Archives & Manuscripts - Guide to the Collections
The collections of the Birmingham Public Library Archives contain more than 400,000 photographs and 30,000,000 documents, including government records, business records, maps, letters, diaries, scrapbooks and architectural drawings.
The Collections
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Race Relations
Miscellaneous Files, 1957-1977
Size : ¼ linear foot (1 box)
Collection Guide Available : Yes
Race Relations Information Center
Facts on Film, 1950-1970s
Newspaper clippings relating to race relations and the Civil Rights Movement in the United States.
Size : 352 reels microfilm
Collection Guide Available : Yes
Ramsay High School PTA
Scrapbook, 1938-1980s
Size : 4 flat boxes
Collection Guide Available : No
Ramsay, Erskine
Papers, 1887-1953
Erskine Ramsay was a mining engineer, inventor, business executive, and philanthropist. Included in this collection of his papers are business, family, and personal correspondence, biographical data, genealogical information, papers regarding Ramsay’s charitable gifts and honors, speeches and tributes, reports on coal mines and mining in the Birmingham, Alabama area, photographs of mines, coke ovens, iron furnaces, and other related structures in the same area, blueprints of mine layouts, maps of mines and mining properties in the same area, clippings, and birthday invitations. For the period of Ramsay’s employment by the Tennessee Coal, Iron & Railroad Co., 1887 – 1901, there are letters and reports which reflect the economic and managerial difficulties of the company and provide statistical data on its yearly production. For the same period, there are letters which detail the efforts of the other mining companies to secure Ramsay as an employee. For the years 1903 – 1953, the papers provide information on Ramsay’s continued involvement in the mining industry.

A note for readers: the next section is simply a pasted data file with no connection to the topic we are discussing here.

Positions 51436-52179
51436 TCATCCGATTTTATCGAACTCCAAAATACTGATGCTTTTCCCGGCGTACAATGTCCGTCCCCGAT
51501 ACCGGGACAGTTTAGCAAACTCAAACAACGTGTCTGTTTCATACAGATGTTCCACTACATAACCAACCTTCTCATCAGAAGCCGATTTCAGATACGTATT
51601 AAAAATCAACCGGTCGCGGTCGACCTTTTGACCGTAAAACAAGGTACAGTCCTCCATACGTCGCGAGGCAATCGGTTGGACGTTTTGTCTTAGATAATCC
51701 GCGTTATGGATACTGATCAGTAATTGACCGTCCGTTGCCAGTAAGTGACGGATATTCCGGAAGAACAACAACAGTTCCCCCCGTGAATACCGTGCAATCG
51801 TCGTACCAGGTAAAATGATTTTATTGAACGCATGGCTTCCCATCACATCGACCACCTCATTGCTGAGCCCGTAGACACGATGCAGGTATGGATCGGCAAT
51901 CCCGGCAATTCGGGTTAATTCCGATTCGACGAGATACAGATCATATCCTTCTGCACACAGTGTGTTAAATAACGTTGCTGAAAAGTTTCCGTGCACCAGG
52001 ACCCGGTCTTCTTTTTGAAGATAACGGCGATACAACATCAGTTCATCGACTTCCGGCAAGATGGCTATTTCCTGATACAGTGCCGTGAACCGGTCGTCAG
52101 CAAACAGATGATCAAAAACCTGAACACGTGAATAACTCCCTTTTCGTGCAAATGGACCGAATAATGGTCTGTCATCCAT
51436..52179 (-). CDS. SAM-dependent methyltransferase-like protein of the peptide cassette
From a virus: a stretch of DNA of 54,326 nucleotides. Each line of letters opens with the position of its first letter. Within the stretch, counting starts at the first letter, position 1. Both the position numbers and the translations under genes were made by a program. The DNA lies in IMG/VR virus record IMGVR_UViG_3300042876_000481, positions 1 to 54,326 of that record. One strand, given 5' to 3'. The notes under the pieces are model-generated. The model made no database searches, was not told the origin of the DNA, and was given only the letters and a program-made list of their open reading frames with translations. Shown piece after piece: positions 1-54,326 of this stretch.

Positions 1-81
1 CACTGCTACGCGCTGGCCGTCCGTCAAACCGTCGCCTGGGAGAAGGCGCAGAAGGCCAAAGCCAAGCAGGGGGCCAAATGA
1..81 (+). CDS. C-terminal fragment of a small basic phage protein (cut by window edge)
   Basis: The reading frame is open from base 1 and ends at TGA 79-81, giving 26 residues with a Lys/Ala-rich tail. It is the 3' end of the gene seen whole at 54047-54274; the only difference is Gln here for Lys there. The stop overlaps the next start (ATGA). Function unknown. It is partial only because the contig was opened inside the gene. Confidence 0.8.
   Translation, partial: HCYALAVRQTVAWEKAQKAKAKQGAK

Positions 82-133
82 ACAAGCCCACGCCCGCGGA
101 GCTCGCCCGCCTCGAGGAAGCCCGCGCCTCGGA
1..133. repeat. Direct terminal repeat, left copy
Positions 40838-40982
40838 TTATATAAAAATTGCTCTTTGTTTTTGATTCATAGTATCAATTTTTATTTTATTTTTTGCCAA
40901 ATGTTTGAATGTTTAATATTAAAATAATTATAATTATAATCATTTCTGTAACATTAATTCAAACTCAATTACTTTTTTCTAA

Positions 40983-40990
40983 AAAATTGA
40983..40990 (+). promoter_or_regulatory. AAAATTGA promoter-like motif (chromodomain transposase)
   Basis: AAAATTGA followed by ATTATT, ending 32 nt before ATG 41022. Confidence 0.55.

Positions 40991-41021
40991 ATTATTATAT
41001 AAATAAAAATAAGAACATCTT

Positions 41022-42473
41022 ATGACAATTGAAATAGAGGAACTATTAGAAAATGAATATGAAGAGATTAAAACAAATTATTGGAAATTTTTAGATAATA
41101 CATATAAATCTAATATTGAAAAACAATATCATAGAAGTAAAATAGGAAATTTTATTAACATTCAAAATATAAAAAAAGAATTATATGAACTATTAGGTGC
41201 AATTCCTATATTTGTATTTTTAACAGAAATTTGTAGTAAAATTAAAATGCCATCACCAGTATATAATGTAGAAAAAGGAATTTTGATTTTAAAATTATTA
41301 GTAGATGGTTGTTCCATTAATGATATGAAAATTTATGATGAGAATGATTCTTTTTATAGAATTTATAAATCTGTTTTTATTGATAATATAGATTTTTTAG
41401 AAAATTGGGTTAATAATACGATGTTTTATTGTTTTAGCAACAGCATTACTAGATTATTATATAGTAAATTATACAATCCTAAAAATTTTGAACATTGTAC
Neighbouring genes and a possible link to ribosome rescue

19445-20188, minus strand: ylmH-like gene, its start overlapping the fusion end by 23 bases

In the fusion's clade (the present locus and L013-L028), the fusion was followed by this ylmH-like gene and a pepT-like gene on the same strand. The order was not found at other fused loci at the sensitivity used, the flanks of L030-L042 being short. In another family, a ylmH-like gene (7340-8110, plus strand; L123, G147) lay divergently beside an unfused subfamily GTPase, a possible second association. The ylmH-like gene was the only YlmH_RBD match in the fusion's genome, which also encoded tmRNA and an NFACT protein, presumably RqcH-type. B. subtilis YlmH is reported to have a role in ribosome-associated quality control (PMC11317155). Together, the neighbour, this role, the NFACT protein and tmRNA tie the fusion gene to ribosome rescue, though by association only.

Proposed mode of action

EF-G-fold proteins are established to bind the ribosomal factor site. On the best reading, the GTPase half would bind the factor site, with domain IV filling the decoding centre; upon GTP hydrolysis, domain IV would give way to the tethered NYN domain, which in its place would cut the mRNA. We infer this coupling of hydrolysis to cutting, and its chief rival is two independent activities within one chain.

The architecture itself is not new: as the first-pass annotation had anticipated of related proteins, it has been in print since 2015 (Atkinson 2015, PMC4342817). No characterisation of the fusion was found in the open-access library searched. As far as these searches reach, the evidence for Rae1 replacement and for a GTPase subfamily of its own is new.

Size : 4 linear feet, 1 flat box.
Collection Guide Available : Yes (online)
Ramsay, Erskine (C)
“Personal Notes Covering Inspection of European Mines,” 1911
Size : 1 volume
Collection Guide Available : No
Randolph, Ryland
Scrapbook, 1890s
Ryland Randolph was born in 1835, in Mesopotamia, Alabama. His father, Victor M. Randolph, was a commodore in the U.S. Navy and later in the C.S.A. Navy. Ryland's mother died when he was young, and he was brought up by various relatives in Alabama. He also accompanied his father on several naval expeditions. Randolph attended the University of Alabama in the late 1850s. The owner of over fifty slaves, Randolph bought a plantation near Montgomery in 1858. He later sold his land for Confederate bonds and joined the Montgomery Mounted Rifles. Randolph served throughout the war, eventually rising to the rank of colonel. During Reconstruction Randolph developed a reputation as a Southern apologist and outspoken newspaper editor. He started his first newspaper, the Tuskaloosa Independent Monitor, in 1867. Randolph’s newspaper and brief legislative careers were studded with duels and other altercations with people he either offended or who offended him. His frequent targets included Reconstruction leaders, carpetbaggers, the leadership of the University of Alabama, and the Alabama Democratic Party. In the final days of Reconstruction, Randolph moved to Birmingham where he continued to write commentary for area newspapers. He died in Birmingham on May 7, 1903. This scrapbook of largely undated newspaper clippings covers the early-to-mid 1890s. In addition to miscellaneous clippings by what appears to be a variety of authors, the scrapbook contains both signed and pseudonymous writing of Randolph published in several Alabama newspapers. Also included in the scrapbook are recipes for various dishes and home remedies.
Size : 1 volume
Collection Guide Available : No
Ratliff, Mary